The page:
Carlingford and it's medieval roof scapes.
Carlingford on the shores of Carlingford Lough in Co Louth was founded by the Anglo-Normans in the 12th century, a virtual outdoor museum of Medieval Ireland. Carlingford's narrow streets offer the visitor a close up view of old Carlingford's ancient buildings.
The first place to visit upon arrival in Carlingford is the Cooley Peninsula Tourist Office in the old Railway Station directly opposite the Harbour where the visitor will find a wealth of information on the locality including maps and guides. Be sure to pick up a copy of the Cooley Peninsula Scenic drive brochure (free) and the "Medieval Carlingford Town Trail" an historical trail which will take the visitor to all of the medieval sites on a self guided tour. Another invaluable book on Medieval Carlingford is "Carlingford Town – An Antiquarian's Guide".
All of the historical sites are within a short distance of each other as Medieval Carlingford was (and still is) a small town and easy to stroll around at your leisure. A guided tour CARLINGFORD GUIDED TOUR is available but must be booked in advance (minimum of four people – cost €6.00 p.p.) bookable at the Carlingford Tourist Information Office. The Tourist Office is open 7 days a week throughout the year from 9.30am to 5.30pm (Summertime) and 10.00am to 5.00pm (Wintertime). Tel: +353 (0) 42 9373 033. Now it's time to begin exploring.
Medieval Carlingford Self Guided Tour – Allow 3 hours
Begin your visit with King John's Castle on the Harbour where you can walk around its perimeter (it will be possible to enter the castle as part of a group tour in 2016 upon completion of O.P.W. repairs currently underway). There is a viewing area on the shore side with magnificent views across Carlingford Lough towards the Mourne Mountains in Co. Down and seaward to the Irish Sea. The castle, named in honour of King John after his brief stay in 1210 was built circa 1192 by Hugh De Lacy (there have been a number of additions to the original structure as medieval Carlingford grew and prospered in the 13th, 15th and 16th centuries). De Lacy was also responsible for the building of Trim Castle in County Meath and the original Narrow Water Keep (c.1212) further up the Lough just beyond Omeath and also for the building of the castle at Greencastle (c.1230) on the northern entrance to Carlingford Lough.
From the castle cross the bridge and walk back towards the town centre down Newry Street where you pass by the "Watch House" (c.1400) and opposite you can view the remains of a medieval building which still has a stone face mounted on the gable. Taaffe's Castle (c.1500) is just beyond, the front of which is a pub, pop in for a visit (walking through the pub will take you to the old castle where you can view part of the Castellations).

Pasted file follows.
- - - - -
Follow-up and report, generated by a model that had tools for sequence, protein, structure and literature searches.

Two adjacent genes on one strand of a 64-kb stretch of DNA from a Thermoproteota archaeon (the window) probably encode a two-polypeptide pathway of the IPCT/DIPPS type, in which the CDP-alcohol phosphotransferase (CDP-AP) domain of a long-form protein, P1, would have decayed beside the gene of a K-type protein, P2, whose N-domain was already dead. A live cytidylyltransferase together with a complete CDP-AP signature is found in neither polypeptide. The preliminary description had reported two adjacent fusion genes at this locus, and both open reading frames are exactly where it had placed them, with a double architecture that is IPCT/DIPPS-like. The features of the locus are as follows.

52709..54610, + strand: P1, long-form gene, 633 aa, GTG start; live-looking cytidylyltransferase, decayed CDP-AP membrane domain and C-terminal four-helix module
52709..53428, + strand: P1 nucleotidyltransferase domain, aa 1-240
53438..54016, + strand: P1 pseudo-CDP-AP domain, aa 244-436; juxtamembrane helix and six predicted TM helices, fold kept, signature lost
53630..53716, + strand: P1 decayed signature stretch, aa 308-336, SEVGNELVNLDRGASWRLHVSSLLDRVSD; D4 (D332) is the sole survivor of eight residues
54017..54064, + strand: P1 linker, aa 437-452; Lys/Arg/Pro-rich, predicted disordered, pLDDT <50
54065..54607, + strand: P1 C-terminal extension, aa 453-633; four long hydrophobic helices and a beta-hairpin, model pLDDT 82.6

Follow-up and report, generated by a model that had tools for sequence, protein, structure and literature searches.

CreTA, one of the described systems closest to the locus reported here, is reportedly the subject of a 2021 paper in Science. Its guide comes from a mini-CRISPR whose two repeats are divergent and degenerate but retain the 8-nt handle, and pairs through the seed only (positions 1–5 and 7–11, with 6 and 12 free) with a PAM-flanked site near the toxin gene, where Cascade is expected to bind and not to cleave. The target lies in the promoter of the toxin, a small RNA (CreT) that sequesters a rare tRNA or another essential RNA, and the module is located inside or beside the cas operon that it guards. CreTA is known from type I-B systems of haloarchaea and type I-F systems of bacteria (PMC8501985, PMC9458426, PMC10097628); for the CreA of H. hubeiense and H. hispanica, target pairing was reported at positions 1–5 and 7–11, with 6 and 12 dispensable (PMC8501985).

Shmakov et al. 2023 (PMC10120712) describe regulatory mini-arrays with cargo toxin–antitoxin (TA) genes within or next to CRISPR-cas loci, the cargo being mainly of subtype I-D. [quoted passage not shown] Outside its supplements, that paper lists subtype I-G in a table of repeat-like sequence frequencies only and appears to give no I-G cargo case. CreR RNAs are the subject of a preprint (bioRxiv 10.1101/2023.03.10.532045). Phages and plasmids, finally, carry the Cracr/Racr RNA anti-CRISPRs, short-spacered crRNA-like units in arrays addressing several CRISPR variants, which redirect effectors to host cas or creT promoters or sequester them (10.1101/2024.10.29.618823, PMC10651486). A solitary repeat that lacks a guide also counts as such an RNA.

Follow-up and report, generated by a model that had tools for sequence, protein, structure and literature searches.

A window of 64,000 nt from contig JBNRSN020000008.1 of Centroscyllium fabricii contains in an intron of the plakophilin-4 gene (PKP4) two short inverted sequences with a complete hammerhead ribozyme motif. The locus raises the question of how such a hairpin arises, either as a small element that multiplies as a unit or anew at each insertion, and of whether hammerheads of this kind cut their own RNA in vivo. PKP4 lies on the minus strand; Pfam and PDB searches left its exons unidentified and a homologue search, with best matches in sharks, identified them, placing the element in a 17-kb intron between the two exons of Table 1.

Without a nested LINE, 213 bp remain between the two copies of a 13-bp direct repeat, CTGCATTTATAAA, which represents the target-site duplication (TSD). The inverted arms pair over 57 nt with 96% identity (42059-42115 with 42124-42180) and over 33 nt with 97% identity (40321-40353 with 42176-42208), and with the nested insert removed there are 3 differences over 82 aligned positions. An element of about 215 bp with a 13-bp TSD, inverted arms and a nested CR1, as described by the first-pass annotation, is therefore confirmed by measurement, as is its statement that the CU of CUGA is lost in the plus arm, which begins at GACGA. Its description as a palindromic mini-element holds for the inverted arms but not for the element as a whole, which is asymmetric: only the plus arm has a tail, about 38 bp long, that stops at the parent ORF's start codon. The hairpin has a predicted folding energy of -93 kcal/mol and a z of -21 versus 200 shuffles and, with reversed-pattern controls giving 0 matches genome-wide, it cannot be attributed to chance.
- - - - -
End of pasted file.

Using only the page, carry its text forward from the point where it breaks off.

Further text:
Walk onto the Market Square, here and on Tholsel Street and Dundalk Street at the centre of medieval Carlingford there are pubs, restaurants and cafes as well as Ladies Boutiques, a Hotel, Gents Outfitters, Antique Shop, Supermarket etc. so lots of options for lunch, refreshments and browsing. Stroll up Tholsel Street to view the "Mint" (c.1450) a fortified Town House with ornate window decorations believed to have been added in the 16th century. Further up the street is the "Tholsel" the only surviving Town Wall Gate which served many purposes including that of Jail and a room in the building served as the local "Parliament" (meeting place of the towns "Burgers").
From here continue on to the Carlingford Heritage Centre (entrance is free) in the old Holy Trinity Church (there has been a church on this site since 1267). Inside, the history of Medieval Carlingford is on display in triptych display units, a video presentation about Carlingford is available to view and well worth it too! (The Heritage Centre opens from Monday to Friday 9.30am to 5.00pm during the summer visit www.carlingfordheritagecentre.com for further information). From the grounds of the Heritage Centre there are great views of Carlingford and the Harbour, a walk between the old headstones reading as you go may throw up a few surprises, two of the headstones are believed to date back to the 14th & 15th centuries while the earliest legible headstone dates from 1701.
Leave the Heritage Centre grounds by the main entrance gate heading towards the Dominican Friary which will be in view over the roof tops and only a few minutes away. The Friary along with King John's castle are probably Carlingford's most photographed buildings and make fantastic backdrops for wedding photos so don't be surprised to stumble upon a wedding shoot when you arrive. Built in the early 1300s (c.1305) the tower was added about a century later, the Friary fell victim to King Henry VIII's Dissolution of the Monasteries Act in 1535 after which it never functioned as a religious centre again. Through the late medieval era it served as a hostel for migratory fishermen following the seasonal Herring and Mackerel shoals and even served as a hospital for the Williamite Forces in the 1690s.
Leave the Friary returning to the town centre for some well deserved refreshment.